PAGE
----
Every cloud has a silicon lining | Part 2(a)

In this F2MKE.co.uk blog series I explore cloud computing.  What is it?  What are the advantages versus risks?  What must businesses and schools check before putting their heads in the Cloud?  Does Cloud make sense in these times of austerity?

To read Part 1 of Every cloud has a silicon lining go to http://www.f2mke.co.uk/2011/01/18/every-cloud-has-a-silicon-lining-part-1/

The emergence of Cloud computing posed a threat to some of the largest and most powerful IT businesses in the world… And it may still do so?  It was inevitable that cumuliform clouds would reign before settling into cirrostratus.

And this tempestuous climate was fuelled by arguments about security and supplier lock-in, reliability and capacity, cost and efficiency…  The arguments continue.  Part 2 of Every cloud has a silicon lining aims to distil the key arguments and offer an objective view.  Oh, and perhaps start off a few more debates? 😉

Let’s tackle security first.

Security concerns are an all too familiar first line of defence against change in the IT world.  Often this is to protect current preferred working practices, or a sound profiteering business model, but mostly because change means risk.  Oh and change!  However, security should not be downplayed and should play a key part in any decision-making process.

Trusting all of the important tools and data that you rely upon to deliver your business, or run your school, to a group of masked cherubs sitting on a cloud somewhere in the ether deserves an initial gulp!  But step back for a moment and meditate upon that gulp…

Masked Cherub on a Cloud

The majority of security breaches are caused by humans.  A cloud provider’s business model relies upon massive economies of scale, ergo less humans, ergo less room for human error – be it deliberate or not.

You would typically enter into a contract with a third party – cloud provider or not – with some, at least basic, clauses and penalties around loss of data or service.  Would you have similar reassurances within your own business?   

There are cost implications to consider here too.  When searching for your perfect cloud providing partner you can specify all manner of security standards that must be contractually adhered to.  The likelihood is that they are geared up for this to be able to appeal to as wider market as possible and achieve the aforementioned economies of scale – it’s a core part of their business – but are you?  How much would it cost your organisation to achieve and maintain the ISO/IEC 27001/2 standard?

How much more would it cost to be certain that your hardware, software and the place(s) that it’s all kept stays as secure as possible?  ‘Simple’ patch management alone can be a surprisingly bulky overhead.  Large cloud suppliers will afford better security tools, experts and infrastructure.

The risks to focus upon are browser vulnerabilities – most cloud services are accessed through the web browser and these are a favourite target for hackers.  A large cloud provider may well pose an interesting target for hackers or even terrorists too!  These risks are mitigated by the highly competitive web browser market and the importance that a cloud services provider must attach to their reputation.  In both cases, even if a vulnerability is not exploited, the knowledge that it existed will be damaging.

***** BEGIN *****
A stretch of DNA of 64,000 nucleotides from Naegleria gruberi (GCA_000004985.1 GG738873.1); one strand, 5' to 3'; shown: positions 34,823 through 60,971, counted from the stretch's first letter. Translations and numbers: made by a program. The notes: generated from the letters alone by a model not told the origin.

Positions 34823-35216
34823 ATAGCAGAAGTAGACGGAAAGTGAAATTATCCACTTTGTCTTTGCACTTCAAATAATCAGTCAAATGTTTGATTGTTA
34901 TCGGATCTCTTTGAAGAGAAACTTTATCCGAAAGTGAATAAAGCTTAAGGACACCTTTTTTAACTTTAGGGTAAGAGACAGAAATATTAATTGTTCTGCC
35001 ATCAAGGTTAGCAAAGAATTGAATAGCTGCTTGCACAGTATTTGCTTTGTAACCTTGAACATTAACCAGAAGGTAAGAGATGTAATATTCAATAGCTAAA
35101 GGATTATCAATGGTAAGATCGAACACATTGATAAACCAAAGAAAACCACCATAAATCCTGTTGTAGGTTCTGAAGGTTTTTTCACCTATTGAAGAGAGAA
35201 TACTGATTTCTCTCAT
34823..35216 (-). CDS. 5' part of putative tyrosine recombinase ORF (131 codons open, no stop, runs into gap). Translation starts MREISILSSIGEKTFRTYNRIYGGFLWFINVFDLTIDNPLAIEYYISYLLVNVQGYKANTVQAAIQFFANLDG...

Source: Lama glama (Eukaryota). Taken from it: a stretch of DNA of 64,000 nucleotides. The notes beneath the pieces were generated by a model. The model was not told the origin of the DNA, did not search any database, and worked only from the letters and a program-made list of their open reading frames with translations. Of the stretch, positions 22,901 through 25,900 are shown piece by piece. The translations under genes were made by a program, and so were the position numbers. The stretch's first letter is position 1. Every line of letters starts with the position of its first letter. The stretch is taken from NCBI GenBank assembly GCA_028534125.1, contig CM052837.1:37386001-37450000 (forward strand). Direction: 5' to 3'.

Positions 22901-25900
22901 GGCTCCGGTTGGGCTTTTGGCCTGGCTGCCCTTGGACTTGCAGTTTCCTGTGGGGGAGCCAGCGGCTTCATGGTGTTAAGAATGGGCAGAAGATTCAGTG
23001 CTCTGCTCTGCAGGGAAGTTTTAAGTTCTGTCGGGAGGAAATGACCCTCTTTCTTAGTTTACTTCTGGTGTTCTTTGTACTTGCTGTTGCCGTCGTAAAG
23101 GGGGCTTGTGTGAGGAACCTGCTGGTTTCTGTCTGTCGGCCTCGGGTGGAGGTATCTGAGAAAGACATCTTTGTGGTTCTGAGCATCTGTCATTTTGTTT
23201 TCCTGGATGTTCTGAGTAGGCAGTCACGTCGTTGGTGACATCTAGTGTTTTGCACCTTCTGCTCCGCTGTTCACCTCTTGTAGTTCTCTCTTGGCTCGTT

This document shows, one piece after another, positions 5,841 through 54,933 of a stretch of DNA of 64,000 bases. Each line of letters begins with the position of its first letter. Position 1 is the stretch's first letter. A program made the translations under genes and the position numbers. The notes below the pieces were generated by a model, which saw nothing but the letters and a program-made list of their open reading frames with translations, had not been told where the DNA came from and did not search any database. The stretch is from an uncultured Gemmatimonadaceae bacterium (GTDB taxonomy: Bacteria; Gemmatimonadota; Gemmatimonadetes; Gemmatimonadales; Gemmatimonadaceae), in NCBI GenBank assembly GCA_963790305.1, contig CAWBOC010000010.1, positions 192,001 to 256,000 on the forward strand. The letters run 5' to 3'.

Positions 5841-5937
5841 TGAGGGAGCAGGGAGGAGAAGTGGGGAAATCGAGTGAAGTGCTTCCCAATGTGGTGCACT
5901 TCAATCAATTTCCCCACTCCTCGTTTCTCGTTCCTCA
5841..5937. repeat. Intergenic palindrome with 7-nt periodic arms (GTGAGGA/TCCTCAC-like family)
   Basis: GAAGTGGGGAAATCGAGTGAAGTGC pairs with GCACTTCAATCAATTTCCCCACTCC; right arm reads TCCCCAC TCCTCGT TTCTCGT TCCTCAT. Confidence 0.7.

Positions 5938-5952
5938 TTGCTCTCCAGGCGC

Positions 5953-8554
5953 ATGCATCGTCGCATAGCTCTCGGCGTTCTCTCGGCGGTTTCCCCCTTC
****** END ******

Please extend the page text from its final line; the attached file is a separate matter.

And what about supplier lock-in?

Moving all of your services and critical data into the cloud could leave you vulnerable should you decide to switch supplier, or wish to share data in your systems with another service provider?   Your supplier may decide to increase costs, or decommission a service that you rely upon?  You may become dissatisfied with the service, or a better alternative could enter the market?  You may wish to pick and choose services from multiple suppliers for a best of breed solution?

For example, your main cloud provider may offer you an integrated Management Information System and learning platform, library, catering and cashless systems.  However, you want to switch learning platform and integrate with an alternative library system.

The immediate question is, “how do I get my data out?”.

There are some actions that you can take to mitigate these risks.  As well as sensible contractual exit clauses, insist upon services that offer industry, better still open, standards for data interoperability.

In the UK (and US, Australia, Norway, etc…) education sector there is the Systems Interoperability Framework (SIF).  For more information search for SIF at F2MKE.co.uk or visit http://www.sifinfo.org/uk/.

Furthermore, the likelihood is that competing suppliers will be eager to win your business and will already have tools available to migrate your data from competitor systems.

In some ways there are parallel risks where an organisation develops and maintains services in-house.  For example, data can be ‘trapped’ in bespoke systems and require bespoke, often expensive, solutions to migrate the valuable data out.  A key employee may decide to leave the organisation and take their specialist expertise with them – or hold you to ransom!?

In Part 2(b) of Every cloud has a silicon lining we’ll delve deeper into the advantages of Cloud Computing versus the risks.

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